Gustav Robert Kirchhoff (March 12, 1824 - October 17, 1887), was a German physicist who contributed to the understanding of the basic concepts of the theory of electrical circuits, spectroscopy, and the emission of black-body radiation generated by heated objects. He coined the term radiation "black body" in 1862. There are three different concepts of physics, later named after him, "Kirchhoff's laws", each in electrical circuit theory, thermodynamics, and spectroscopy.
Gustav Kirchhoff was born in Königsberg, East Prussia (now Kaliningrad, Russia), the son of Friedrich Kirchhoff, a lawyer, and Johanna Henriette Wittke. He graduated from Albertus University of Königsberg (now Kaliningrad) in 1847 and married Clara Richelot, the daughter of his mathematics professor, Friedrich Richelot. In the same year, they moved to Berlin, where he received the title of professor in Breslau (now Wroclaw).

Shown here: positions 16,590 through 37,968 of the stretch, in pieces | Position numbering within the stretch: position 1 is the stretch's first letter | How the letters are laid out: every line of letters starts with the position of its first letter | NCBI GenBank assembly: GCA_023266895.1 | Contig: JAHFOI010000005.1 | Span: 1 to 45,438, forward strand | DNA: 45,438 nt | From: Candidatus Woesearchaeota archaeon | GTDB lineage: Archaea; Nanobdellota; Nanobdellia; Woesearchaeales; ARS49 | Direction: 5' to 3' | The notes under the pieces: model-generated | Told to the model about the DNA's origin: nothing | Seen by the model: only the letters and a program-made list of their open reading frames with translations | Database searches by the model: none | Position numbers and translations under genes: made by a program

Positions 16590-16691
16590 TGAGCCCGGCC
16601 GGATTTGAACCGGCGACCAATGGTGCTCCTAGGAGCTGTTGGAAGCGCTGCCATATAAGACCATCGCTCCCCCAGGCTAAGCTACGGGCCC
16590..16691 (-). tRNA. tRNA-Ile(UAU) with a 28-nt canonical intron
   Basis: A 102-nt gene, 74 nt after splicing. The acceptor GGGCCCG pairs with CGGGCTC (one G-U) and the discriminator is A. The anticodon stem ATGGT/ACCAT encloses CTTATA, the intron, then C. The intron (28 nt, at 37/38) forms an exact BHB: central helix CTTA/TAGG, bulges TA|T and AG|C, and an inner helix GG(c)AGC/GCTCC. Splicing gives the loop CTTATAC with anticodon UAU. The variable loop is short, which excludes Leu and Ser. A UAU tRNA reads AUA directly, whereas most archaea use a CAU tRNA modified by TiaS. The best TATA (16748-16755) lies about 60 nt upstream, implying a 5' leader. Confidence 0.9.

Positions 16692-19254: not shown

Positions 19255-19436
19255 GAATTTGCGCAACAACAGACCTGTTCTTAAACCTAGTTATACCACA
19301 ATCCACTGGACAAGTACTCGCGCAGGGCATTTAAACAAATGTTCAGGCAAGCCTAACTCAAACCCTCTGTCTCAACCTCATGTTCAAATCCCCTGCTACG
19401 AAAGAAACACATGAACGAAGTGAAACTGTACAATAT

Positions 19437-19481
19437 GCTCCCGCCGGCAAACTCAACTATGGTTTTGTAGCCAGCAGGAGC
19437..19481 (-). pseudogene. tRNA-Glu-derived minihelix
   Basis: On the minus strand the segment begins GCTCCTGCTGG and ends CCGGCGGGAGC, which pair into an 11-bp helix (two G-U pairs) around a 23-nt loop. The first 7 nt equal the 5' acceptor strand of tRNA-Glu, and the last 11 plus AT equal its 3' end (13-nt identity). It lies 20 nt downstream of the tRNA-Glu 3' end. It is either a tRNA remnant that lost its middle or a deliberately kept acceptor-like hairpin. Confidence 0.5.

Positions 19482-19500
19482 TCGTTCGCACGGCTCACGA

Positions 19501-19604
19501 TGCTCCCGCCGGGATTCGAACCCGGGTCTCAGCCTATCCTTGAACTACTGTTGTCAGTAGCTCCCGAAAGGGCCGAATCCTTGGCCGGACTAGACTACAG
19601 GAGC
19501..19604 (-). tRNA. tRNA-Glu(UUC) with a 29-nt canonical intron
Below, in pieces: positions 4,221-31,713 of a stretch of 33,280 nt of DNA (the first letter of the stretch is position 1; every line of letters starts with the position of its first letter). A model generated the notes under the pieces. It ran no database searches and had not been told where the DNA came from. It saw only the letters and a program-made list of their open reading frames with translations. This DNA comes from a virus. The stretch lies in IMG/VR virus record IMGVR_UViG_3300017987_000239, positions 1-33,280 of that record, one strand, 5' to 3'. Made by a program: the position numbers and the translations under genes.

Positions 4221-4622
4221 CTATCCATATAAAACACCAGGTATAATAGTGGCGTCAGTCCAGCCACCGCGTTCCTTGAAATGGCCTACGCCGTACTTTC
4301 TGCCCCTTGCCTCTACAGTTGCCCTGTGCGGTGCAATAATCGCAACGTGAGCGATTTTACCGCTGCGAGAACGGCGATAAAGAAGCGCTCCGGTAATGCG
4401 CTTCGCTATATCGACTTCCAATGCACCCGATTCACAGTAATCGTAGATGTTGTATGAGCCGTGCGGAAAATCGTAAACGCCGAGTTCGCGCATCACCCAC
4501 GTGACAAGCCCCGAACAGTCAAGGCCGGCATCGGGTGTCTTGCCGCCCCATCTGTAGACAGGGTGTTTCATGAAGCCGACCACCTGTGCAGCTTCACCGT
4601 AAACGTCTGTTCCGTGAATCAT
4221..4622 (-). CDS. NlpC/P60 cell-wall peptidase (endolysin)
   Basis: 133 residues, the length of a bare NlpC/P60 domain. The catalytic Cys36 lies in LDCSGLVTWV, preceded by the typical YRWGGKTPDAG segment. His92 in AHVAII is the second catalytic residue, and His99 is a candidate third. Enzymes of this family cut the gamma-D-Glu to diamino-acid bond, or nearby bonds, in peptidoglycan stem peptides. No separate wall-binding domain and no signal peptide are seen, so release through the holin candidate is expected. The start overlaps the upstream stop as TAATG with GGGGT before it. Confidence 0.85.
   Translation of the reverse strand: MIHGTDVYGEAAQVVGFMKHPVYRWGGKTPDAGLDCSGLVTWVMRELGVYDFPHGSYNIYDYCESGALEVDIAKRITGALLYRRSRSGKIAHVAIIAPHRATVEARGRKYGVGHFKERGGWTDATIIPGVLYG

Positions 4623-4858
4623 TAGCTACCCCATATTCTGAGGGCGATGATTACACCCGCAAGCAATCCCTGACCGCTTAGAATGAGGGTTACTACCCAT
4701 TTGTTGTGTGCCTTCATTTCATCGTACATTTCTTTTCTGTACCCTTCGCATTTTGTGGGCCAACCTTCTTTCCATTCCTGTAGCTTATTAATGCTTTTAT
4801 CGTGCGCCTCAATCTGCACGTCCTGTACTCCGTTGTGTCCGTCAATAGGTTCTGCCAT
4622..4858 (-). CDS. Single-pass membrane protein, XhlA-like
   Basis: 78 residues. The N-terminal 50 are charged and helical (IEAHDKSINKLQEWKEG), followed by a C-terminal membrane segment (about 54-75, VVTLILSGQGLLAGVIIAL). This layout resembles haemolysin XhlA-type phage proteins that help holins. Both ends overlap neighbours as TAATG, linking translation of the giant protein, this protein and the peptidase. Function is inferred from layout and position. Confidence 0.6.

In 1862 he was awarded the Rumford Medal for his research on the lines of the solar spectrum, and the reversal of bright lines in the spectrum of artificial light. He played a major role in the field of spectroscopy by formulating three laws that describe the composition of the optical spectrum incandescent objects, based on the discovery of David Alter and Anders Jonas Angstrom (see also: spectrum analysis)
Law Kirchoff In Spectroscopy
1. When a liquid or high pressure gas, will produce light with a continuous spectrum.
2. When a low-pressure gas dipijarkan object, will produce light with an emission spectrum, in the form of bright lines at discrete wavelengths (in particular color) depends on the energy levels of the atoms contained in the gas.
3. When a continuous spectrum of an object is passed to a low-pressure cold gas, will produce light with the absorption spectra, in the form of dark lines at discrete wavelengths depending on the energy levels of the atoms contained in the cold gas.